The Consumer Financial Protection Bureau is keeping its consumer complaints database public, in a surprising move that may assuage advocates’ concerns. The agency said Wednesday that it will continue to publish consumer complaints publicly, but that it was also make significant changes to the database. The move comes after the agency put out a call for public input on its consumer inquiry and complaint database in 2018 while it was under the direction of Mick Mulvaney, who now serves as the acting White House chief of staff. The move was seen as a sign that the agency would make the database private, a change that would be welcomed by many in the financial-services industry.
In a comment to the Consumer Financial Protection Bureau (CFPB), staff of the Federal Trade Commission provided feedback on a number of proposed rules that implement the Fair Debt Collection Practices Act (FDCPA). In the comment, FTC staff notes that the Commission has long advocated for amendments and clarifications to existing laws to account for changes both in the debt collection marketplace and consumer technology since the FDCPA was passed in 1977. The comment also describes the Commission’s law enforcement, policy, and education efforts to protect consumers from unlawful debt collection practices.
NEW YORK – New York Attorney General Letitia James today announced that the Commonwealth of Pennsylvania is joining the multistate lawsuit blocking the anticompetitive megamerger of telecommunications giants T-Mobile and Sprint, becoming the 18th plaintiff to join the lawsuit and add to the states’ momentum. “Pennsylvania’s addition to our lawsuit adds to the states’ momentum against this megamerger that continues to be bad for consumers, bad for workers, and bad for innovation,” said Attorney General James. “We welcome Pennsylvania and Attorney General Shapiro to our multistate coalition that continues to build strength, and now includes every region of the nation.”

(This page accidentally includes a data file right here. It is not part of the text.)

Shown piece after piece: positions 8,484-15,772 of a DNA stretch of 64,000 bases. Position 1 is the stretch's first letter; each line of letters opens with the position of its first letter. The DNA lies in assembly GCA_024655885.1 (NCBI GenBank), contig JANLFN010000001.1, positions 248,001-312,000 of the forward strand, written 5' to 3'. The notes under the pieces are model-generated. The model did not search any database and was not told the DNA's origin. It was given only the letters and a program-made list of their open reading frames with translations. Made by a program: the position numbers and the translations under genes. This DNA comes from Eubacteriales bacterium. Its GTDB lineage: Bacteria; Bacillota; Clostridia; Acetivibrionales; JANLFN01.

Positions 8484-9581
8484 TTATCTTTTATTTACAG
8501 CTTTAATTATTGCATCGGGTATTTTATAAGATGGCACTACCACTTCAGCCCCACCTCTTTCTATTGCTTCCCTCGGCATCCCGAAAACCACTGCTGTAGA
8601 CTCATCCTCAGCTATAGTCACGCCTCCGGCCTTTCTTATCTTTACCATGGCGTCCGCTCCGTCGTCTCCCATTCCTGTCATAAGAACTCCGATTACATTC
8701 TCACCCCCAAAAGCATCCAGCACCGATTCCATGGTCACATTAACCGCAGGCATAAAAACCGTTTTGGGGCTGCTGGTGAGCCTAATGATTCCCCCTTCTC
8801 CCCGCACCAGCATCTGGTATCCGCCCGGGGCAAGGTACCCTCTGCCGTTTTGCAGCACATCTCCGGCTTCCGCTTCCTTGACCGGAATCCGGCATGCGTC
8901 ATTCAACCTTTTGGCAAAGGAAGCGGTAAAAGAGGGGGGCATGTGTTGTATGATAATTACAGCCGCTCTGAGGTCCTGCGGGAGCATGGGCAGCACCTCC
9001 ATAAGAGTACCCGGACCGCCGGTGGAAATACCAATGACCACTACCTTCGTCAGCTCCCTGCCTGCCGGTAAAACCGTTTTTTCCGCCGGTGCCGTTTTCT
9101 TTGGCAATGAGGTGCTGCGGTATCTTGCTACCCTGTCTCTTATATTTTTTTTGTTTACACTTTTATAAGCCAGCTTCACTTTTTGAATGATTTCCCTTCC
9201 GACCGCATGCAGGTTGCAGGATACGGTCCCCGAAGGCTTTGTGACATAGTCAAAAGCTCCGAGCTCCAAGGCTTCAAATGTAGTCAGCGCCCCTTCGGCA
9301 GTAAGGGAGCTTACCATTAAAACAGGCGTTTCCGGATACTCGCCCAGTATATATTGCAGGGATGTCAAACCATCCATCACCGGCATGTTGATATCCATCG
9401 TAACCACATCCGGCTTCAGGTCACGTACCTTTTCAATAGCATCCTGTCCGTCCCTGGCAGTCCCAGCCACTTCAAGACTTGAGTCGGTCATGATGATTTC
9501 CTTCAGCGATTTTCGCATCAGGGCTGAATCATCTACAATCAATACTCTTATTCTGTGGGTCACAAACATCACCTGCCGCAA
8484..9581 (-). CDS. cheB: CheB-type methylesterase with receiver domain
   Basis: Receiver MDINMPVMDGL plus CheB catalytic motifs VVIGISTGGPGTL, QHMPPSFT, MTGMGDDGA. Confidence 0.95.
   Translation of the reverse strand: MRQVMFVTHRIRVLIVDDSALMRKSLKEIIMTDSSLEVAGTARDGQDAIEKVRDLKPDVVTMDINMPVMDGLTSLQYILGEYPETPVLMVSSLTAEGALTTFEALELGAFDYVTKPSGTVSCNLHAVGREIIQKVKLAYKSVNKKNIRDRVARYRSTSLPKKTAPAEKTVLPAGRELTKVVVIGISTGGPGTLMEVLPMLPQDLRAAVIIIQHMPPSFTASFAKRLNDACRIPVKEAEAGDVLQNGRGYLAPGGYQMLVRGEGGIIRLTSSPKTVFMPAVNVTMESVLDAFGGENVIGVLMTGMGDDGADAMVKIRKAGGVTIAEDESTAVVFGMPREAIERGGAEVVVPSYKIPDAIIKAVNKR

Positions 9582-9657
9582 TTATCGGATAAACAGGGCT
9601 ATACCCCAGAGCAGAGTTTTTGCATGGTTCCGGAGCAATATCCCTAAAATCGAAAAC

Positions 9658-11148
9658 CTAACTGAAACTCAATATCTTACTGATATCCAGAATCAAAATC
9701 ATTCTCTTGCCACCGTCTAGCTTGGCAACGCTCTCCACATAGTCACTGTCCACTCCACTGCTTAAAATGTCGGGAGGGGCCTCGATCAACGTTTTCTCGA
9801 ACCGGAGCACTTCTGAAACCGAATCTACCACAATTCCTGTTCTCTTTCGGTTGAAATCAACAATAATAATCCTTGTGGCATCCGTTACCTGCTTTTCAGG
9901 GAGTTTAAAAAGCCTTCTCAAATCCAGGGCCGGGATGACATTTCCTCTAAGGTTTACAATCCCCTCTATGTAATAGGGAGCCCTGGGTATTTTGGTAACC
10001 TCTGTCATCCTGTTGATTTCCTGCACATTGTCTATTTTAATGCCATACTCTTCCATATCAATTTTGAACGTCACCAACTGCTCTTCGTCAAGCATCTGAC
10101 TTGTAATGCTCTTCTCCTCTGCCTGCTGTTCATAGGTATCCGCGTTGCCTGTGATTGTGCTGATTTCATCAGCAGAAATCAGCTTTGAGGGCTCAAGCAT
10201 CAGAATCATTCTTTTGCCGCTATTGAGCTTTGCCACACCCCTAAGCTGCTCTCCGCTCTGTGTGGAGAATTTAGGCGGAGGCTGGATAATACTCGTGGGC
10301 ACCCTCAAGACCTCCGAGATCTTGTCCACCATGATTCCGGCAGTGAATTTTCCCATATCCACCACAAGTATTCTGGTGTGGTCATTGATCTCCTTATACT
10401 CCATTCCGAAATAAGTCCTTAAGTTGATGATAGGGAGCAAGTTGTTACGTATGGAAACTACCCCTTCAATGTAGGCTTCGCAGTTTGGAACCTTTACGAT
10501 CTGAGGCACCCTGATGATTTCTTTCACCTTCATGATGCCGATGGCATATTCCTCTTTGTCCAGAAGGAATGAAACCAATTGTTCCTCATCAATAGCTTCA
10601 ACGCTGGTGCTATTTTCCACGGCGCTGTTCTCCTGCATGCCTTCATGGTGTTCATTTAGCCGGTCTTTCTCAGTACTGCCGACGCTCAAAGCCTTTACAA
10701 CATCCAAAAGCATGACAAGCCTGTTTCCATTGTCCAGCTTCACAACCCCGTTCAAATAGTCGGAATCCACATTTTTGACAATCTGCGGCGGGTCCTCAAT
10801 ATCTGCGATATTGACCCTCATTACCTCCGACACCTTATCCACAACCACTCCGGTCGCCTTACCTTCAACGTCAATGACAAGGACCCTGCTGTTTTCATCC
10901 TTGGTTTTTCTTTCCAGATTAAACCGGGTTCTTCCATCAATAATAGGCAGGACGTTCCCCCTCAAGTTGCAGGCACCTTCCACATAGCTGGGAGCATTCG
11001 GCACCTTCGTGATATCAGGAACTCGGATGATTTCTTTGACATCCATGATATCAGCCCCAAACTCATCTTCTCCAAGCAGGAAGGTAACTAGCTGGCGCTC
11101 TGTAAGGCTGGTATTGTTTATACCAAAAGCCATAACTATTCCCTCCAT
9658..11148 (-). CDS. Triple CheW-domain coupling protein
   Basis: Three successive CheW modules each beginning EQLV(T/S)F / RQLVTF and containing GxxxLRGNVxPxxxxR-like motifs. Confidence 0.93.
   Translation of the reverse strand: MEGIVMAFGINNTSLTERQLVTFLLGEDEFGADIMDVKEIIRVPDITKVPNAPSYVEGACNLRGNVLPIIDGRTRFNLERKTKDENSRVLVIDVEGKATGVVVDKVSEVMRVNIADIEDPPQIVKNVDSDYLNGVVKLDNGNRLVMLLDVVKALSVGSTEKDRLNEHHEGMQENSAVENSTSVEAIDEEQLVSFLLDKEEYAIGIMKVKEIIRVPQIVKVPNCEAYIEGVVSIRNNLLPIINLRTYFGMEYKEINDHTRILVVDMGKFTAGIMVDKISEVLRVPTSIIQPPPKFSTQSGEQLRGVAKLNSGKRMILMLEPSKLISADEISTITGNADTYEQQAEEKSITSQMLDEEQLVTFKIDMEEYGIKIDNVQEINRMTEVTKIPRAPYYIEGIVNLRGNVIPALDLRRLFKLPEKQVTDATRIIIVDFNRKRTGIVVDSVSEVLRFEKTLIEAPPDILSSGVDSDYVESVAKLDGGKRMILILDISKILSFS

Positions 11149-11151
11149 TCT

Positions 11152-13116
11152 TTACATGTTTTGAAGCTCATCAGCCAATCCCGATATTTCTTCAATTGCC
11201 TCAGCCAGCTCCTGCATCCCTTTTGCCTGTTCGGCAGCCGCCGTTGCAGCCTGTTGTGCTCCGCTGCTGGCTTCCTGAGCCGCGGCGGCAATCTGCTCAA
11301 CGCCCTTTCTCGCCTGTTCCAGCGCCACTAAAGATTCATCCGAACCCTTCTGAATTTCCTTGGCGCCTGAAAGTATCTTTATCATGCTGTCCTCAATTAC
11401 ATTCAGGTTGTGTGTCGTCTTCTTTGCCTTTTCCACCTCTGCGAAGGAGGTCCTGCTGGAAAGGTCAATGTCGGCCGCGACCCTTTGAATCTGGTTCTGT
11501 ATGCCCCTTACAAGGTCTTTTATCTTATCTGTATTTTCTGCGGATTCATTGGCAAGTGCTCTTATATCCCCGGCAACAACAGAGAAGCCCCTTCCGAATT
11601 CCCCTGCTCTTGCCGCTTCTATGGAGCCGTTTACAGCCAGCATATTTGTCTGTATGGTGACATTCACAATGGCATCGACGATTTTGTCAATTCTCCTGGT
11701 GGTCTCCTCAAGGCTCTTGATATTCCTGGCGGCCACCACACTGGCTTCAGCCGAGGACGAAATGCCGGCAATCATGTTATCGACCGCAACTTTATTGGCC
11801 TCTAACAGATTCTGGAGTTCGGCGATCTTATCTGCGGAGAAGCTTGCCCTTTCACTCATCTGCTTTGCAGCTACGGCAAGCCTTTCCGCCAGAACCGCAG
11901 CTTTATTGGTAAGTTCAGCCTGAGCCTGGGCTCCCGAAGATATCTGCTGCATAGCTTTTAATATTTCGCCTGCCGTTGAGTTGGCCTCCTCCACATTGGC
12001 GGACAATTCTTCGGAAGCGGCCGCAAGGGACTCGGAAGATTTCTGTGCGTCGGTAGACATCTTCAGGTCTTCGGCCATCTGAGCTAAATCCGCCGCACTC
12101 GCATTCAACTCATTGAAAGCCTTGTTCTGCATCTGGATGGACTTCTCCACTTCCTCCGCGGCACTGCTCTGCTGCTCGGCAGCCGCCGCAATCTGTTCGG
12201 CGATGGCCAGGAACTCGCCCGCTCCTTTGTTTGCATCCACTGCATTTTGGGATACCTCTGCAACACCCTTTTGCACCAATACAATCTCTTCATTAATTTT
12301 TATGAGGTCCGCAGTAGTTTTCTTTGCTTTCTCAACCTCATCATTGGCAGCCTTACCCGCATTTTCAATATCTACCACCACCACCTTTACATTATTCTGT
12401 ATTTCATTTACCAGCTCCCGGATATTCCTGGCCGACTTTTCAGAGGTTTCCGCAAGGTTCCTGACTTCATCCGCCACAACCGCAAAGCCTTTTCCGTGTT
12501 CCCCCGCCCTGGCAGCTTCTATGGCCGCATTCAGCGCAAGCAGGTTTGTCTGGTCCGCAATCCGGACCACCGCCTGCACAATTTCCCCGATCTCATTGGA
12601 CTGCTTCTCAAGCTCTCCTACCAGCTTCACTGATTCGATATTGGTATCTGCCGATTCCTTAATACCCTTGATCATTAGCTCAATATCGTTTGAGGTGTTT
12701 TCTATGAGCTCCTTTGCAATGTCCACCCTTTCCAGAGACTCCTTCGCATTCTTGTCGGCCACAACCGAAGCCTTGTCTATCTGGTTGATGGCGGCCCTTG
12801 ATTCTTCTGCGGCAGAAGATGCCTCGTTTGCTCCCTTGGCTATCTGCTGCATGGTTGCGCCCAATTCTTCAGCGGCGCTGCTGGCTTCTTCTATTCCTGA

The head of the Consumer Financial Protection Bureau now believes that the financial regulator she leads is unconstitutionally structured. CFPB Director Kathleen Kraninger notified senior lawmakers on Tuesday that the bureau had determined that the law that established the agency in the wake of the financial crisis gave her too much independence. That brings her position in line with the one adopted by the Department of Justice in March 2017.
It’s no secret working capital is the lifeblood of all small businesses. It’s the fuel that keeps them running, helps them grow and take on new opportunities. And yet, so many small businesses struggle with cash flow. In fact, according to a recent study from Intuit QuickBooks, 61% of small businesses have had cash flow issues in the past year. A very common step business owners take when experiencing a cash flow crunch is seeking external resources to help bring some quick capital in the door. Until very recently, many business owners marched straight to their bank to apply for a traditional business loan. While bank loans on the national or local level are a tried and true way of securing additional funds, they are no longer the only way of obtaining capital.